Right after the March for Life, the USCCB organized the Catholic Social Ministries Gathering. As one of the few who attended both events, I saw many people who were both pro-life and pro-social justice but I also saw a false dichotomy between the two in some. Unfortunately, some at the March for Life show inadequate care for the poor and some who help organize the Church’s ministry to the poor have inadequate concern for the unborn.
It is great when we see those who do both. For example, many homes for unwed mothers help a woman avoid pregnancy while helping her break free from the cycle of poverty. Many times the care given by workers at a charity will mean they are the first people a woman goes to with an undesired pregnancy and they can direct her to save the baby.
Nonetheless, every election cycle it seems certain Catholics will use their faith to promote either of the two main political parties and denigrate the other. I remember a lady at daily Mass who proudly sported a bumper sticker of a notoriously pro-abortion politician knowing this stance because she thought he would help the poor better. (Other Catholics had legitimate disagreement on his economic policies so they weren’t that much more radically Catholic.) I remember talking to a Catholic businessman who seems to think we can let the poor fend for themselves.
We see the Popes unite both in their teaching. In the Catholic blogosphere, on the other hand, the left pushed many anti-Benedict blogs a few years ago and now the right pushes anti-Francis blogs. The group who complained about those who follow their conscience on contraception, now feel the right to follow their conscience on environmental protection. However, neither Francis nor Benedict nor the Church for that matter is left nor right. Full Catholicism is not either-or but both-and. If you don’t believe me, let’s read quotes from Francis and Benedict. “Charitable activity on behalf of the poor and suffering was naturally an essential part of the Church of Rome from the very beginning.” “This is God’s dream for his beloved creation: to see it fulfilled in the loving union between a man and a woman, rejoicing in their shared journey, fruitful in their mutual gift of self.” They are both from our last 2 Popes but I tricked you: Benedict is first, then Francis. Every Pope taught and teaches this both-and.
We can’t hide our heads in the sand and pretend this dichotomy between pro-life Catholics and social justice Catholics doesn’t exist. Both sides have a partial version of the Church’s whole truth. We need to see how social justice matches the pro-life cause and how abortion is antithetical to social justice.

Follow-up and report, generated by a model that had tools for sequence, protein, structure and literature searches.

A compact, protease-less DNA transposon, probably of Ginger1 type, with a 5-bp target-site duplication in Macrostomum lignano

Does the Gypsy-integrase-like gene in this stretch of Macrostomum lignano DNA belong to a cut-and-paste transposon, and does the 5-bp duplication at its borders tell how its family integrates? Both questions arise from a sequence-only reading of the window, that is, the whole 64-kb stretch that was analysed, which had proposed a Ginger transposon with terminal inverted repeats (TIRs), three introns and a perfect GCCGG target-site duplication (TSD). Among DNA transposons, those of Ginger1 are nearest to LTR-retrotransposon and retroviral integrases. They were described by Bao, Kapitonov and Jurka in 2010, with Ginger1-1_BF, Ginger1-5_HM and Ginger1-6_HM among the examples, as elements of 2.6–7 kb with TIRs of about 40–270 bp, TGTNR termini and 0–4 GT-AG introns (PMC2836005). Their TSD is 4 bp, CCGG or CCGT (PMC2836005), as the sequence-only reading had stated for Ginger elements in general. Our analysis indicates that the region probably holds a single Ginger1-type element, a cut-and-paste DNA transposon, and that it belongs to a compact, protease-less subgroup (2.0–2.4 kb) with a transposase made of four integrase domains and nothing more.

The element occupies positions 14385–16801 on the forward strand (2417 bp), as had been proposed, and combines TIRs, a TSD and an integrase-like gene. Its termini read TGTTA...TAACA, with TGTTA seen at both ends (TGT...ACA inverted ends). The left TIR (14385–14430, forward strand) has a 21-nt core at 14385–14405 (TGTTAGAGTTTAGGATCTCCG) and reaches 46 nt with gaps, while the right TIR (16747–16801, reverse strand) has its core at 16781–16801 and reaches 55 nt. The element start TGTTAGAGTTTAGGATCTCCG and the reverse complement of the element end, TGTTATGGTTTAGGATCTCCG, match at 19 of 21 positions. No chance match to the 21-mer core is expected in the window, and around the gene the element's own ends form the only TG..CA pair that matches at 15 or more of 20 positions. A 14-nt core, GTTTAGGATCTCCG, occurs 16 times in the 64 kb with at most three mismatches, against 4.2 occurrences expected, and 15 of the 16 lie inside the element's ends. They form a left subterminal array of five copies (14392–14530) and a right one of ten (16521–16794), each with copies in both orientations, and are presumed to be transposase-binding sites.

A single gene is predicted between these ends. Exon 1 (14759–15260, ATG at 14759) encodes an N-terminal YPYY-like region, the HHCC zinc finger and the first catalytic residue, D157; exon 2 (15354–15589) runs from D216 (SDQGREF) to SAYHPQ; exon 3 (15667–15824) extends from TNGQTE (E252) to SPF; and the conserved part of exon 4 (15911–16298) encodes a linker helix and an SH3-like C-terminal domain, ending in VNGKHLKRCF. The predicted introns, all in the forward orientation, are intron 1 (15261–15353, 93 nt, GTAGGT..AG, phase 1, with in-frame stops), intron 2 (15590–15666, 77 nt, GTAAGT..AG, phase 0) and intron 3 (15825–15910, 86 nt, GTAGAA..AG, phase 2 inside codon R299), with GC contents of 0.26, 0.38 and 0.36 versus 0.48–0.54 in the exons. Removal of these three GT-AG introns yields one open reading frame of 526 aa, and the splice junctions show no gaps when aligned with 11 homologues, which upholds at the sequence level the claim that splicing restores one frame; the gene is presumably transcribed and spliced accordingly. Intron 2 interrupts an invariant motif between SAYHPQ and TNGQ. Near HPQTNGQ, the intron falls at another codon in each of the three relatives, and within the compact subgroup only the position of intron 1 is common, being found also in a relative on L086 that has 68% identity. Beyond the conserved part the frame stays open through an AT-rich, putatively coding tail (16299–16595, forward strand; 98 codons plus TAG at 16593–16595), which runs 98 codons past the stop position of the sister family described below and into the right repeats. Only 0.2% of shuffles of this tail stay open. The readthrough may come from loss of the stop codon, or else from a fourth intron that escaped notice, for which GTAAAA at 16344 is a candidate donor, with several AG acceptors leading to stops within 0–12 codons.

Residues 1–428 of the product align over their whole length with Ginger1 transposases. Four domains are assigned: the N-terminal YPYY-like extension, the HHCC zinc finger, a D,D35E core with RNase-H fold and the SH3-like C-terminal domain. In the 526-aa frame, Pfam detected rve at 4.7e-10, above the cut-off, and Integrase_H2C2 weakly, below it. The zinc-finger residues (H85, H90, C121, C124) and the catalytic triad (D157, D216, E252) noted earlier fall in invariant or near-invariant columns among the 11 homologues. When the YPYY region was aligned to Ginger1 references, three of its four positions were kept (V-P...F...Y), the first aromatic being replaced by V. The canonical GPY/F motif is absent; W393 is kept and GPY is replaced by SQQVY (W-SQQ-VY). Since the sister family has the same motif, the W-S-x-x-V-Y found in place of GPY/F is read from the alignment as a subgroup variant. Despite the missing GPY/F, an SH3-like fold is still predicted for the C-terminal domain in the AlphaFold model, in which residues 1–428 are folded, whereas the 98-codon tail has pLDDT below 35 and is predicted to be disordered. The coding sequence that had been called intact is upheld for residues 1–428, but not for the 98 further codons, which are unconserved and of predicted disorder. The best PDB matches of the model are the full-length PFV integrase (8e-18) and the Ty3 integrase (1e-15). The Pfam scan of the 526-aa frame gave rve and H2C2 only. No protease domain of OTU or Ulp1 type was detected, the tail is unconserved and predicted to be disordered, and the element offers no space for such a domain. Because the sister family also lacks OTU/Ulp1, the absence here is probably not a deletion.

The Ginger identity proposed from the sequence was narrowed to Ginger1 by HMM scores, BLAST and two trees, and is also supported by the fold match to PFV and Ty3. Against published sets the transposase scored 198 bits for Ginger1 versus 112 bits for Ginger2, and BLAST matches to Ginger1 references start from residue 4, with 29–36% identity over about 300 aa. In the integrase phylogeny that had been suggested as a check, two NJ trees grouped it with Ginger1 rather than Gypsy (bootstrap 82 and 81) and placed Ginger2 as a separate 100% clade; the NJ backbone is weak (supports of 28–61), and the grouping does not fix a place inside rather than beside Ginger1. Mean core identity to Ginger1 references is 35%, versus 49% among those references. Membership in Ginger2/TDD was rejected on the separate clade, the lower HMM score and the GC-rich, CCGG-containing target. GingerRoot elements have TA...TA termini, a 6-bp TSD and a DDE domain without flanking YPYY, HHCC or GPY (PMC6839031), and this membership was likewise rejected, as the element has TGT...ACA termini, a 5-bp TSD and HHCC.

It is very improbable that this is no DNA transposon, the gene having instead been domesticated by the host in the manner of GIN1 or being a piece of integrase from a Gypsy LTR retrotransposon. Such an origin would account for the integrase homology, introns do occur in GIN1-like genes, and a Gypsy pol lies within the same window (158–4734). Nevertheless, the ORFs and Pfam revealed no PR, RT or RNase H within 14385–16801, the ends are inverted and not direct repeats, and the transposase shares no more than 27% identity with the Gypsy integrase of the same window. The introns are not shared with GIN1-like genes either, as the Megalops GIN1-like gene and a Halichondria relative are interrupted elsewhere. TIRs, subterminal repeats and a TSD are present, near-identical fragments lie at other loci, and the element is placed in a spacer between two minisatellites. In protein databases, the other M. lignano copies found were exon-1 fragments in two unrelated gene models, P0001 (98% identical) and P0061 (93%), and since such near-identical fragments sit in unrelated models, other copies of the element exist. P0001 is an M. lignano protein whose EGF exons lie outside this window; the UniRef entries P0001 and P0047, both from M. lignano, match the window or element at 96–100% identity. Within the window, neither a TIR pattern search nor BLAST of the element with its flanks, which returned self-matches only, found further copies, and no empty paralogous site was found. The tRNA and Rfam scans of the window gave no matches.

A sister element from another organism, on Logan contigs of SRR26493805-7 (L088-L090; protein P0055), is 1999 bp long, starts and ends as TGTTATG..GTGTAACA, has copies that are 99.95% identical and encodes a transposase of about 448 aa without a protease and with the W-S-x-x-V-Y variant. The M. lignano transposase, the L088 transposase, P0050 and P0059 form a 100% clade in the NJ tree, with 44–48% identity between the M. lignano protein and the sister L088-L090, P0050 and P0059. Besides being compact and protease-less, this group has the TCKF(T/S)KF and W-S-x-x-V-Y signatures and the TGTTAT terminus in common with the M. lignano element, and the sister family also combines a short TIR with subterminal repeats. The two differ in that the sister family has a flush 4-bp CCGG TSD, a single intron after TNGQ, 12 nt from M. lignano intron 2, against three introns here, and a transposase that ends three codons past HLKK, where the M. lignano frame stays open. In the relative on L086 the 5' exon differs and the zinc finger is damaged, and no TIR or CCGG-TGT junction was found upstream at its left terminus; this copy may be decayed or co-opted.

Signs of a Division
In a recent election cycle, a bishop issued a good pastoral letter indicating the weight of various political issues. He said abortion was most important and pointed out how Catholics cannot in good conscience vote for a pro-choice politician even if he seems good in other areas. A local reporter went and asked various priests what they thought of the document. One strongly supported it. The reporter said another was “Basically a Democrat” in the way he relativized what the bishop said. When other bishops have written on the importance of social justice I bet a reporter could find a priest in their dioceses whom he could describe as “Basically a Republican” in the way he relativizes what the bishop says.
This is a grave scandal in the Church and a huge obstacle to evangelization. Every Sunday we recite the creed that says “one” is one of the four essential marks of the Church yet the Church lives in division. This open division on fundamental issues wounds Christ’s heart.
Here’s some questions to think about to see if are fully in line with the Church. Should abortion ever be legal? Should the government recognize same-sex marriages? What about civil unions? Need workers paid a living wage? Are workers treated with dignity? Is contraception just a matter of choice in each person’s conscience? How do we treat the poor and disabled? Are they abandoned or cared for? What about the use of waterboarding or torture on terrorists? Is healthcare available to everyone? Are we destroying the environment for ourselves and future generations? Are we creating systems where some feel like second-class citizens? Do our laws and programs promote the rehabilitation of criminals or simply hold them in jail until they get back on the street? Should we deport every single illegal immigrant? If a homeless man walked into my parish, what would happen? Can we execute a schizophrenic American who murdered his ex-wife? Can we carpet bomb civilians in a foreign country? Can we ignore the genocide of Christians under ISIS?